In the last 12 months, the proportion of Australians planning to take a holiday has slipped from 73% to its lowest point in almost three years (69%), the latest findings from the Roy Morgan Holiday Tracking Survey reveal.
This recent downturn appears to have been driven primarily by declining domestic holiday intention. In the July-September 2015 quarter, 73% of the population had a holiday in the pipeline, with 58% reporting that they were planning an Aussie holiday in the coming 12 months. As of the July-September 2016 quarter, total holiday intention had dropped to 69%, and domestic intention was at 55%.
In contrast, overseas holiday intention is the same as it was a year ago (11%), remaining relatively stable over the last 12 months.
Australians intending to take a holiday in the next 12 months
Source: Roy Morgan Single Source (Australia), July 2006-September 2016, average 3-monthly sample=4,677. Base: Australians 14+
Obviously, holiday intention can vary between different segments of the population, with factors such as current life circumstances and even whether they’re based in an urban or rural area having a bearing.
For example, holiday intention is markedly higher among parents of kids aged under 16 (73%) than among Aussies in childless households (68%), with this difference applying to both domestic (58% vs 54%) and overseas (13% vs 11%) holidays. ‘Empty nesters’ are above average for overall intention (78%) due to the elevated proportion of them planning a domestic holiday (64%), while older folks (aged 65+) are less likely to have any kind of getaway on the horizon.
Furthermore, while the same proportion (69%) of Australians living in capital cities and those based in regional areas are planning a holiday, it’s interesting to see that the former are more likely to have an overseas trip on the horizon (12%) than the latter (9%), while the reverse is true of domestic holiday plans (57% of country Australians vs 54% of city-dwellers).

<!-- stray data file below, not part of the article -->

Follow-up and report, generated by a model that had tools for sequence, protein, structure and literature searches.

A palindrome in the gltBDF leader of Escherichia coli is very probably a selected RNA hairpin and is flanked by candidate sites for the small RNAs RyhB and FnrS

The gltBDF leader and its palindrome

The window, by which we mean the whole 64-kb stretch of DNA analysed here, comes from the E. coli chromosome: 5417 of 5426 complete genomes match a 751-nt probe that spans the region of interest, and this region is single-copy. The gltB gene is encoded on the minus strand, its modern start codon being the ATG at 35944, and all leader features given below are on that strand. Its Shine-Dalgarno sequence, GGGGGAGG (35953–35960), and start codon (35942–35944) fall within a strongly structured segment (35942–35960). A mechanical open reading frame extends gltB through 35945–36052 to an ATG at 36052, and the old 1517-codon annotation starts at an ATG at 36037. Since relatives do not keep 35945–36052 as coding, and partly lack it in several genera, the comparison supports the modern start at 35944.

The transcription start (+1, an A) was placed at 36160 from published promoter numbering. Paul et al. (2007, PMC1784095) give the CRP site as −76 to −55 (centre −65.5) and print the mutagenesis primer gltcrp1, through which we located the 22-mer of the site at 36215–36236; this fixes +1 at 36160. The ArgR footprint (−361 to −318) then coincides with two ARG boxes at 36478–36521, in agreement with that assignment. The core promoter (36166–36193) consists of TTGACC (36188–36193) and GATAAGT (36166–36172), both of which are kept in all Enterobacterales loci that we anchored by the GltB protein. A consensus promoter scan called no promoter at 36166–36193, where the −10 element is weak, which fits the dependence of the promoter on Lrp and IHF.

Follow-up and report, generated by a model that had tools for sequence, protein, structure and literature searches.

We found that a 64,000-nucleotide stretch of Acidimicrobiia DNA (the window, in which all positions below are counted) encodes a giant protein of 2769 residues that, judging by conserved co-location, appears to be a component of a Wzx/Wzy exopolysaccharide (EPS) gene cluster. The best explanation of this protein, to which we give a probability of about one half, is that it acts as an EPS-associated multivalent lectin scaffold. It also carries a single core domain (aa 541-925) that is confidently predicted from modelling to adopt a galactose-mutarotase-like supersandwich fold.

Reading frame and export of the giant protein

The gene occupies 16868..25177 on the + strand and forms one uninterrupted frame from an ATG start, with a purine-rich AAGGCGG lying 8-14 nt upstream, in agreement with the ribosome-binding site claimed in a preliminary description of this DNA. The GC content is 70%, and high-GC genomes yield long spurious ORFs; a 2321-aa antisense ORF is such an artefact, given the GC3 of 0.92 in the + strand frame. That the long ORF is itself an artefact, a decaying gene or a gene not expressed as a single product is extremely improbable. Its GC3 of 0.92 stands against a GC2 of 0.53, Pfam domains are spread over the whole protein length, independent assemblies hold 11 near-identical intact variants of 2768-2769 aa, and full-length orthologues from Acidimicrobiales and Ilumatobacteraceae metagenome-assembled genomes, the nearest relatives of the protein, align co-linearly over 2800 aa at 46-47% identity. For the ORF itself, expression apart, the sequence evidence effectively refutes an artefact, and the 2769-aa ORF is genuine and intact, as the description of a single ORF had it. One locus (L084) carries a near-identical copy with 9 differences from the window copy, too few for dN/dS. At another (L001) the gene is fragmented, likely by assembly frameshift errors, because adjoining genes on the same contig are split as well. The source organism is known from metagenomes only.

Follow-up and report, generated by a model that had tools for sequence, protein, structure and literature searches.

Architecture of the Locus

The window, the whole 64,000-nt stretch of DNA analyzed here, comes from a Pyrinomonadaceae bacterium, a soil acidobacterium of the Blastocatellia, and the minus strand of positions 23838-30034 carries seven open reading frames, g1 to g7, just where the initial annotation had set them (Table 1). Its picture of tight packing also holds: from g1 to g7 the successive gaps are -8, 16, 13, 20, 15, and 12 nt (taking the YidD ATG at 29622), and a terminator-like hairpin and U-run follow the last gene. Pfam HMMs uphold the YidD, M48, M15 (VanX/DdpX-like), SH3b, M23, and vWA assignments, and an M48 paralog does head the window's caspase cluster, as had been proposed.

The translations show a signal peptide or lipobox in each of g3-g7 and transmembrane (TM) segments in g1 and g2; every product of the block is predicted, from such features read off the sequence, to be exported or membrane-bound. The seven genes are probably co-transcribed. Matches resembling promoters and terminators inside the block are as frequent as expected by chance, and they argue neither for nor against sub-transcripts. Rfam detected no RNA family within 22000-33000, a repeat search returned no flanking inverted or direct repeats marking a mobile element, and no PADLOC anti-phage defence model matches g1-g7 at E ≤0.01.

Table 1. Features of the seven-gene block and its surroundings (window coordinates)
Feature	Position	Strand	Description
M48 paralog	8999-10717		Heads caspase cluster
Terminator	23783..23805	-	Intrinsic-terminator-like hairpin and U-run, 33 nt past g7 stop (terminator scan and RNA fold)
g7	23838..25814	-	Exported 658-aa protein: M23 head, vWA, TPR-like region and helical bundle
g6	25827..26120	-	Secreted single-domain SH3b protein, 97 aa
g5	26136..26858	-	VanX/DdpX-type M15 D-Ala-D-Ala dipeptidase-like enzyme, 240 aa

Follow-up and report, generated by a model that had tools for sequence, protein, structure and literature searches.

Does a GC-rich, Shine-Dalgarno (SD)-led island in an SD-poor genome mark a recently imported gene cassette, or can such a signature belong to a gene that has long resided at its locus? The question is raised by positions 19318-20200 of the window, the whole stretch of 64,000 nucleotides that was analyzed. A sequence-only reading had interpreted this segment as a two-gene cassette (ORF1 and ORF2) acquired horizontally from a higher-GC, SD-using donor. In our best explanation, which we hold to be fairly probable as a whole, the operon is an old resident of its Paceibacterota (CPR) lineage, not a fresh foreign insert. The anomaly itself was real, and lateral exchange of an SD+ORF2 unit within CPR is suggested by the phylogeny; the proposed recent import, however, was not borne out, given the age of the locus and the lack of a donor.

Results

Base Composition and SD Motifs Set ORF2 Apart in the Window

Holiday intention by Helix Persona
But to truly understand Australian holiday intention and just how radically it can vary between different sectors of society, Roy Morgan’s consumer-profiling tool Helix Personas is second to none. Breaking down the population into seven Communities comprised of 56 distinct segments (Personas) based on demographics, lifestyle, attitudes, behaviour and values, Helix allows us to pinpoint precisely those Australians most (and least) likely to be planning a holiday in the next 12 months.
Not surprisingly, the two Personas with the strongest overall holiday intention (at 87% apiece) come from the upwardly mobile end of the spectrum: educated, high-earning ‘Humanitarians’ and the slightly younger, socially aware (but no less well paid) ‘New School Cool’. While neither tops the scale for overseas or domestic intention, elevated proportions of both Personas have international and domestic travel plans – hence their high ratings for overall intention.
Helix Personas most and least likely to be planning a holiday in the next 12 months
Source: Roy Morgan Research (Australia), October 2015-September 2016, n=14,416. Base: Australians 14+
Though the other Personas most likely to be planning a holiday in the next 12 months are distinguished by factors such as age, family circumstances and destination preference, they are all similarly socio-economically advantaged, belonging to the high-value Leading Lifestyles and Metrotech Communities.
Meanwhile, people from the Persona known as Strugglestreet are the least likely group in the country to have any kind of holiday plans in the pipeline. As their name suggests, people on Strugglestreet don’t have it easy. Often young single parents with little education and a high unemployment rate, their budget simply doesn’t stretch to holidays.
Also limited by financial constraints (due to either unemployment or under-employment), Doing It Tough and Coupon Clippers are also among the least likely to be planning a holiday. So too are the ethnically diverse, hard-working families of the Aspiring Immigrants Persona (although this ambitious group may well change their circumstances in the future); and the elderly, retired Frugal Living group, content with their low-key, local lifestyle.